In reply to by Ribbit (not verified)

Submitted by Ribbit on Fri, 04/06/2018 - 23:26

If you think the author agrees with me, then you misunderstand. The problem with their version of collaboration is that it relies on misinformation and scientists that have sold their reputation to distort facts to illogical conclusions.
Big agriculture isn’t a problem in itself. The problem is that big agriculture is trying to “McDonald”ize nature and it’s going to destroy the planet. The truth is that the earth has a carrying capacity (around 10 billion) that is if we actually use the earth at its potential. If we use monoculture(like feedlots) to feed the greed of large corporations, not only are we going to fall short of supply long before that, we are going to pass the tipping points and cause a global meltdown.
Like I said, this feedlot should be illegal. Pushing for the creation of feedlots like this is idiocracy. With the information available now, it is not even debatable that it is destroying the earth.

In reply to by J C (not verified)

Submitted by J C on Sat, 04/07/2018 - 18:39

Like I said, we can do everything right and if you aren't open minded then we can't help you.
Cities are growing and subdivisions are drowning areas for us graze catlle as much as we have historically. If you give us a chance, we can show you that those of us in the beef industry care and are doing our part. But remember, there is a cause and effect, what you see as a cause ( feedlot=bad) we see as effect (less grazing=feedlot).
I urge you to take a feedlot tour and see how things are handled to insure healthy environment.

In reply to by Ribbit (not verified)

Submitted by Ribbit on Sun, 04/08/2018 - 00:20

I’m not subscribed to Drovers for fun. I’m in the beef industry. I’m well aware of feedlot practices, and the steps taken to mitigate some of the damage that is done. I’m open minded in the sense that I’m glad you’re at least taking those steps. But again, it’s like a “better” coal burning power plant. The system is flawed in its concept.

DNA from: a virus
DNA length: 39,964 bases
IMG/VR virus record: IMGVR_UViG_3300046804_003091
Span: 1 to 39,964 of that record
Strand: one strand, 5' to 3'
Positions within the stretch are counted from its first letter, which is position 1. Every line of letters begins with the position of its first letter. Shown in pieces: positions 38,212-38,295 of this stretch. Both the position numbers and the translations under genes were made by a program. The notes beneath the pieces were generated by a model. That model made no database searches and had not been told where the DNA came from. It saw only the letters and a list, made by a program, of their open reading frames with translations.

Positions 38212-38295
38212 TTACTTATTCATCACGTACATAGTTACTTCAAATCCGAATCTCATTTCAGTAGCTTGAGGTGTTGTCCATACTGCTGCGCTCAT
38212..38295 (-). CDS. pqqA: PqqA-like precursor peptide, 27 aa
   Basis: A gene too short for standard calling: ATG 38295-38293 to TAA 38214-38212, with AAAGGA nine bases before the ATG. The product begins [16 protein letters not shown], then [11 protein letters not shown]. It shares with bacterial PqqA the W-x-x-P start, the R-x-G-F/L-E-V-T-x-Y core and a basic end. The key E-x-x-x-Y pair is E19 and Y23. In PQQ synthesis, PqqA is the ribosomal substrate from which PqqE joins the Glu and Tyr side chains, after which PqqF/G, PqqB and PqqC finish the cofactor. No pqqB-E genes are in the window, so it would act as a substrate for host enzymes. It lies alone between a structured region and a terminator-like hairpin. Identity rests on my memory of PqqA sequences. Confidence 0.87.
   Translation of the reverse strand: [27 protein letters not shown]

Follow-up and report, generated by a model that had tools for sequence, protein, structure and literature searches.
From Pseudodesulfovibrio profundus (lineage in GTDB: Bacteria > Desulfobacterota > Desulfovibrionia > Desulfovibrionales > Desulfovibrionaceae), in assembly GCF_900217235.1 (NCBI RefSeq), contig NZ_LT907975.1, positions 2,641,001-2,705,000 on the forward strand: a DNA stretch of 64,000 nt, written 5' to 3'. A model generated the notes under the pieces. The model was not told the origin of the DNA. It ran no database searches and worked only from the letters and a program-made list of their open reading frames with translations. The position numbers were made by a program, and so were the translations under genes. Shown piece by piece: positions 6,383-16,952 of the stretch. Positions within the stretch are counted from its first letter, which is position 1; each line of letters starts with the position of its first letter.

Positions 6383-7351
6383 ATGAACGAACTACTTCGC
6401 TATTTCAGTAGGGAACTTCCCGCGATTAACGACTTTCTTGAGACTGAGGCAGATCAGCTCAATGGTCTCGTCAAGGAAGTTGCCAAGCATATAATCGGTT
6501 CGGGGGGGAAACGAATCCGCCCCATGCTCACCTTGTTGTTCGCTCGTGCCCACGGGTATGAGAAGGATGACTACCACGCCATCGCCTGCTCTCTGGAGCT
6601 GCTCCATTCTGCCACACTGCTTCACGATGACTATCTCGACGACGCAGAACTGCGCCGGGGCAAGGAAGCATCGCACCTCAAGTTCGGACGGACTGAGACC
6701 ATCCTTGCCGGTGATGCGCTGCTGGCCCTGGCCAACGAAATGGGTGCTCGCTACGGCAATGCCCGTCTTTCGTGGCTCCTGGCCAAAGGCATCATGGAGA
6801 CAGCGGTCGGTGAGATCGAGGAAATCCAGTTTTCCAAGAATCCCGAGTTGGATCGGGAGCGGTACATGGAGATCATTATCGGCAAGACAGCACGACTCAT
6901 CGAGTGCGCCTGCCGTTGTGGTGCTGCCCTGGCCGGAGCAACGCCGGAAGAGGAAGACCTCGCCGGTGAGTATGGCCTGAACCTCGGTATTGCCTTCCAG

The “cause” of the issue is everyone thinks they have to eat beef. So big ag tries to spam produce it so it’s affordable to the masses when the reality is beef is environmentally expensive to make. Its retail value should reflect that (requiring a lot of people sadly to change their diet). But big ag takes the wal mart/mcdonald’s Principle. The way to make the most money isn’t buy charging more for your product, it’s to make profit per unit lower and sell more units. But like I said, grain finishing beef at its best is an inefficient process, only financially viable because of the monoculture applied to the corn industry, which is a fringe environmental effect that all of the propoganda supporting feedlots neglects to include. The wholistic designation of a staggering percentage of the world’s resources towards American beef production is what is unsustainable.

This is going to seem out of left field, but I genuinely want to help people see what is happening. Take Bic for example. Wal mart said “we’re going to sell your pens for this low price so we can sell more of them it will make us the most money.”
Bic said, “if you do that, we won’t be able to make money off our pens”
Wal mart said, “then we won’t buy your pens”